Author Topic: YMOYL-like beginner book?  (Read 7392 times)

Kira

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YMOYL-like beginner book?
« on: August 15, 2013, 12:24:00 PM »
I have a coworker that I think would really benefit from a book like "Your Money or Your Life" - she complains a lot about being 'poor' but spent her tax refund on a TV you could use as a rowboat. I think she just truly does not believe that saving money means you'll have more of it later. I want to give her something that will get her thinking, but I think YMOYL is way too detailed and technical for her (not particularly academically-oriented in the first place) - any recommendations for a book on a similar topic that is easy to read?

Kriegsspiel

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Re: YMOYL-like beginner book?
« Reply #1 on: August 15, 2013, 04:14:27 PM »
The Ultimate Cheapskate by Yeager.

pachnik

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Re: YMOYL-like beginner book?
« Reply #2 on: August 16, 2013, 09:04:40 PM »
Maybe Smart Women Finish Rich by David Bach. 

It is very readable and good basic information.  There is a chapter about goal setting in it as well. 

Zelda01

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Re: YMOYL-like beginner book?
« Reply #3 on: August 16, 2013, 09:24:13 PM »
Probably a Dave Ramsey book (Total Money Makeover) or Automatic Millionaire (David Bach) would be best for a newbie but even those they have to want it to help and a lot of people don't really want it
Seconded.

When I was reading the Automatic Millionaire 10 years ago, I told my sister about it, and she started saving 10% for retirement after reading it.  I didn't really tell her to read it, or expect her to read it.  I was actually kind of surprised she did.  But I think it helped that I was reading it and applying it to my own finances at the time, and she didn't want to be left out.

The point is, and I may be rambling, .... it helps to actually have read, or skimmed, the book you are recommending.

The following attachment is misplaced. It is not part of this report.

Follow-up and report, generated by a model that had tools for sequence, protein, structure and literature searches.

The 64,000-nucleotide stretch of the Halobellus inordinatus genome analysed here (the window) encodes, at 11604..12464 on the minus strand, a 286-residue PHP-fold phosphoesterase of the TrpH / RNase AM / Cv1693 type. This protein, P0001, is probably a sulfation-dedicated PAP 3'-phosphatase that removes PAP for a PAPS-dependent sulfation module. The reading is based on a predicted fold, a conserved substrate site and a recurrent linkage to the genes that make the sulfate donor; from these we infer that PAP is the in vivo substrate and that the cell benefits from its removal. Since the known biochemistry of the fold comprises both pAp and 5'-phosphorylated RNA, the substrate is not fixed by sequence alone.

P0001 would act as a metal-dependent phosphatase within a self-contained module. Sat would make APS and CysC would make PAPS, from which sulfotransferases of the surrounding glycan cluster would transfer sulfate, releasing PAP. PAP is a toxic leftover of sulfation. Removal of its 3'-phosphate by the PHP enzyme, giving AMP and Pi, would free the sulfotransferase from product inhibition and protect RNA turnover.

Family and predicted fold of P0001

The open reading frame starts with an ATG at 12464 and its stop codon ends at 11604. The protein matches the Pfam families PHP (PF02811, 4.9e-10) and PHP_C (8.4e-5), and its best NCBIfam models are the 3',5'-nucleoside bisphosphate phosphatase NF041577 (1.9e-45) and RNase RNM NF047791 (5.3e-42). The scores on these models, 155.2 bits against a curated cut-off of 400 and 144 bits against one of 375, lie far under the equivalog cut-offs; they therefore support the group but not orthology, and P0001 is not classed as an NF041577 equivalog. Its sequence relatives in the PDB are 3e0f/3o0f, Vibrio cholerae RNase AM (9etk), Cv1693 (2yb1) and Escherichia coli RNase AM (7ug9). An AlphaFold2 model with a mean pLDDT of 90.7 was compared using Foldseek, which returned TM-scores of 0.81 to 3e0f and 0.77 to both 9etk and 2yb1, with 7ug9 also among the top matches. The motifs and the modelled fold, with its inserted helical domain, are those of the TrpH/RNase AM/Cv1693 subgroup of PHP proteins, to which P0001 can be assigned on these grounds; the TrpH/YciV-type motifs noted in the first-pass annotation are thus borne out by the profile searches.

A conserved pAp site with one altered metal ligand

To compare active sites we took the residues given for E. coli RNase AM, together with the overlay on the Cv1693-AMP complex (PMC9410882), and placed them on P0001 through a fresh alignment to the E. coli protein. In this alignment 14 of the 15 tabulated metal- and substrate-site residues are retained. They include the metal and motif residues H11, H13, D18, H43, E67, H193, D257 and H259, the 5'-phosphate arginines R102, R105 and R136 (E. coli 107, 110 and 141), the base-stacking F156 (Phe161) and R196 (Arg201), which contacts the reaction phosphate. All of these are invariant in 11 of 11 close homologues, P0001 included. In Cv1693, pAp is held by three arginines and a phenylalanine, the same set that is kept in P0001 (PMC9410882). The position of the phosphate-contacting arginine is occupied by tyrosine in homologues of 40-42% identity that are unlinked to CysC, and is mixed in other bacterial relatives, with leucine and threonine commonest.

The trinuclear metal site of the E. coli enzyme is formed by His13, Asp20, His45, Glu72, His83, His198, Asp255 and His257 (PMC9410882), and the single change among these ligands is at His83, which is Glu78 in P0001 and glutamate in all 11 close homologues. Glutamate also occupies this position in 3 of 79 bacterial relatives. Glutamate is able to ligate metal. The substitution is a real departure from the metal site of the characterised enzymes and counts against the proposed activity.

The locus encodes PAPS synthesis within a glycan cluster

Also, anything by David Bach is really reader friendly.

Zaga

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Re: YMOYL-like beginner book?
« Reply #4 on: August 17, 2013, 06:48:40 AM »
Be cautious about David Bach, he's ALL about buying real estate, living in it, and selling for a profit.  Reading those sorts of things in 2007-2009 really turned me off of him.  I figure, if the advice isn't good for hard times, it's not actually good advice.

I second The Total Money Makeover.  Ramsey isn't perfect, but his getting out of debt advice has stood through boom times and recessions as good advice.  And, for most people, being encouraged to have an emergency fund is truly a financial lifesaver.

avonlea

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Re: YMOYL-like beginner book?
« Reply #5 on: August 19, 2013, 06:41:31 AM »
Michelle Singletary's 7 Money Mantras for a Richer Life. 

I read this when it first came out ten years ago and it helped me start down the path of frugality and building up savings.  The author is a mother and her writing style is easy to follow as well as humorous at times.  I think your friend might like it. 

My favorite of her mantras:
If it's on your a**, it's not an asset.

OOBER

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Re: YMOYL-like beginner book?
« Reply #6 on: September 15, 2013, 10:04:32 PM »
I absolutely recommend The Automatic Millionaire. One of my top 5 favorite stories and the one that really started me into FIRE was chapter 1 of this book.

I actually just pulled it off the shelf next to my desk and read through chapter 1 again which is a story about a couple that is ready to retire at 51 and the advice that they have. I hope to be like them but much earlier (like 15 years or so).